OGJ Oil Diplomacy Editor
LOS ANGELES, Apr. 20 -- Peru's state-owned Perupetro, recovering from earlier scandals connected with the awarding of exploration licenses, has signed 13 new contracts valued at $650 million with international oil companies.
"With these 13 contracts we now have in effect a total of 92 oil contracts," a situation that shows "the confidence" that investors have in the country, said Peru's President Alan Garcia during the signing ceremony at Government Palace in Lima.
Recently appointed Energy and Mines Minister Pedro Sanchez expressed optimism over the awards, saying they would help transform the country's oil and gas industry. "For many years, Peru has been a net importer," he said. "We [now] will become net exporters."
The awards went to Faulkner Suits Exploration Inc, Block 27; Cepsa, Block 130; Golden Oil Corp., Block 132 A/132B; Petrolifera Petroleum Ltd., Block 133; KEI Pty., Block 144; Olympic Peru Inc., Block 145; and Emerald Energy PLC, Block 163.
Other awards went to Grupo Petrolero Suramericano SAC, Block 156; PVEP Peru, Block 162; Talisman Energy Inc. and Colombian Ecopetrol SA, Block 158; Compania Consultora de Petroleo SA and South Korea's Kedcom Co Ltd., Block 160; and Pan Andean Resources PLC, Block 161.
A four-company consortium comprised of Pluspetrol, Peru's state oil company Petroperu, India's Reliance Exploration & Production DMCC, and Chinese-owned Sapet Development Peru Inc. (Sapet Peru) was awarded Block 155.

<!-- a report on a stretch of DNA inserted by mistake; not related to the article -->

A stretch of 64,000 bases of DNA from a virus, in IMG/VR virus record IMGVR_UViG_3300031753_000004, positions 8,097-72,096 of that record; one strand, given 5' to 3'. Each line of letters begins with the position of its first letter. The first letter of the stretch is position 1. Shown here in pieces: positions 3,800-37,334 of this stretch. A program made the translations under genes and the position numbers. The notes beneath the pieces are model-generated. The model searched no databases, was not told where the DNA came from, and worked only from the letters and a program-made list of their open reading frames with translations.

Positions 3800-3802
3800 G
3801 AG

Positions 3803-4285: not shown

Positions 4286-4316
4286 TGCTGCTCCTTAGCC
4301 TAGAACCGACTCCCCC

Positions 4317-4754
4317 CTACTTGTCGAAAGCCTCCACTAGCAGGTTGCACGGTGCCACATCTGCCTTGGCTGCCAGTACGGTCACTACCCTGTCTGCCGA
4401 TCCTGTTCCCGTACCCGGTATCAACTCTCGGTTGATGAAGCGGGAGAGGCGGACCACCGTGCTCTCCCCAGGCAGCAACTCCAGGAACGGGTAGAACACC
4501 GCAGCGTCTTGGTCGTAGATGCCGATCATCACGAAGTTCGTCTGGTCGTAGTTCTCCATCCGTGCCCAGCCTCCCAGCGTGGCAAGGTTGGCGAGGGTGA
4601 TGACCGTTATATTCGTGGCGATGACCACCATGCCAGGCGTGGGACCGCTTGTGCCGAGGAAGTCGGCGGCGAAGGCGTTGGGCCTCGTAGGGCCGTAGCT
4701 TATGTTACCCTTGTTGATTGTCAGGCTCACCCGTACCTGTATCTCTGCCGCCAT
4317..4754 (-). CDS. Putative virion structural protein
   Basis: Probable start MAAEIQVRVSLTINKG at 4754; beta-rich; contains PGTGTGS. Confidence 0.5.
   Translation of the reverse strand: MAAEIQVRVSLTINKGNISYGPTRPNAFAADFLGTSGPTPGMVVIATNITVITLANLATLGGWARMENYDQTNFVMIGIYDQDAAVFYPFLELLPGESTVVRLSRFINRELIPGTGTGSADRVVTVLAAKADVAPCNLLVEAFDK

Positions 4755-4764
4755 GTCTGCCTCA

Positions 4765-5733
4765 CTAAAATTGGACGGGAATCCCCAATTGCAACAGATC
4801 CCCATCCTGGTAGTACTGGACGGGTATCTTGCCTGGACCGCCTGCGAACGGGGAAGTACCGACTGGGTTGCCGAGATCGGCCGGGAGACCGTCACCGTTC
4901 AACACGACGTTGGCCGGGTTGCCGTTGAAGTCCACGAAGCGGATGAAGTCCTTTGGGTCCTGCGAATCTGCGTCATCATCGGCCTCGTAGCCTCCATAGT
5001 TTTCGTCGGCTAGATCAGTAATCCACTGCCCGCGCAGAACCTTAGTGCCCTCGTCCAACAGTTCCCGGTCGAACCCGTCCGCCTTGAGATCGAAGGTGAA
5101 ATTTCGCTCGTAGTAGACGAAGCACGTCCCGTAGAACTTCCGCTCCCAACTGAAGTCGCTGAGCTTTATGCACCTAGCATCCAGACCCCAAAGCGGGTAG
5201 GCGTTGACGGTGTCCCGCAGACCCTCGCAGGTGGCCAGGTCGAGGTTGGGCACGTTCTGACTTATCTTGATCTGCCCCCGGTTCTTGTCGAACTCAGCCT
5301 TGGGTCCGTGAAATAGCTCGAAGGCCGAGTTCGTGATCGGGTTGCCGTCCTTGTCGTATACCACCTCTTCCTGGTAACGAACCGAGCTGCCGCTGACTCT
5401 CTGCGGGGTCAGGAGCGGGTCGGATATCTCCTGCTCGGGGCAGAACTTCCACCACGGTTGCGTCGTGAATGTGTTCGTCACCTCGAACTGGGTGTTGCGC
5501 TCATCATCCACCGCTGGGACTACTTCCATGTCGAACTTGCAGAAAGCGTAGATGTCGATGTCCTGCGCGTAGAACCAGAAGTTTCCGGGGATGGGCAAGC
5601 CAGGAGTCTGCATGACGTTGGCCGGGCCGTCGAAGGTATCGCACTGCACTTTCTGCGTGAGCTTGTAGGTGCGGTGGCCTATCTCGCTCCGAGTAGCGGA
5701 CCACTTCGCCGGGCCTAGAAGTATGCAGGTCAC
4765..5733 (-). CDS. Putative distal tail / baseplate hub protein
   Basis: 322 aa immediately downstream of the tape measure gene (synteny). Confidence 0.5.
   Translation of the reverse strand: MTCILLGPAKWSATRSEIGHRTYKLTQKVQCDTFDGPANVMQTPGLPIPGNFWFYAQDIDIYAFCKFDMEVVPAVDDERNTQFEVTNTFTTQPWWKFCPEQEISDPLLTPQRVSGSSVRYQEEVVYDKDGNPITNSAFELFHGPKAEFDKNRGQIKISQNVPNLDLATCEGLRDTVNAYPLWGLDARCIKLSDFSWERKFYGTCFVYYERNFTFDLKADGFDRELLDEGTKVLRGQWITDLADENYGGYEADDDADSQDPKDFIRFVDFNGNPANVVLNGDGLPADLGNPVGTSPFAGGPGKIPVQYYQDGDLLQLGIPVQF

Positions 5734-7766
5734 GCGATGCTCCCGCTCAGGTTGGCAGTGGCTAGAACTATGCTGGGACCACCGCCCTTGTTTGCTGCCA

Under terms of the new contracts, the companies will drill 35 oil wells during the exploration phase. If commercial volumes of hydrocarbons are discovered, the average royalty rate to be paid to the government will be more than 30%.
Meanwhile, Peruvian officials said an auction for an additional 12 lots for oil and gas will be held in July.
"I'd like to take this opportunity ... to announce the start of the 2009 selection process, which will officially begin in July and include 12 or 13 lots that may contain petroleum," said Perupetro Pres. Daniel Saba.
The auction will be Peru's first since last year, when several top government officials were fired or forced to resign after being accused of steering concessions to favored bidders.
At the time, Peru's former mines and energy minister, Juan Valdivia resigned, while Perupetro board member Alberto Quimper and Perupetro Pres. Cesar Gutierrez were fired.
The scandal was exposed when an audio tape surfaced on an investigative television news show that included a conversation between Quimper and Romulo Leon, a prominent member of President Garcia's APRA party, in which they apparently agreed to favor Discover Petroleum of Norway in a round of energy auctions.
The Norwegian company, which partnered with Petroperu, was later awarded five blocks: four of them off the country's central Pacific coast and the fifth onshore near Peru's borders with Brazil and Bolivia.
Peru's justice ministry said it would investigate the banking records of the Peruvian executives and suspend the contracts awarded to Discover.
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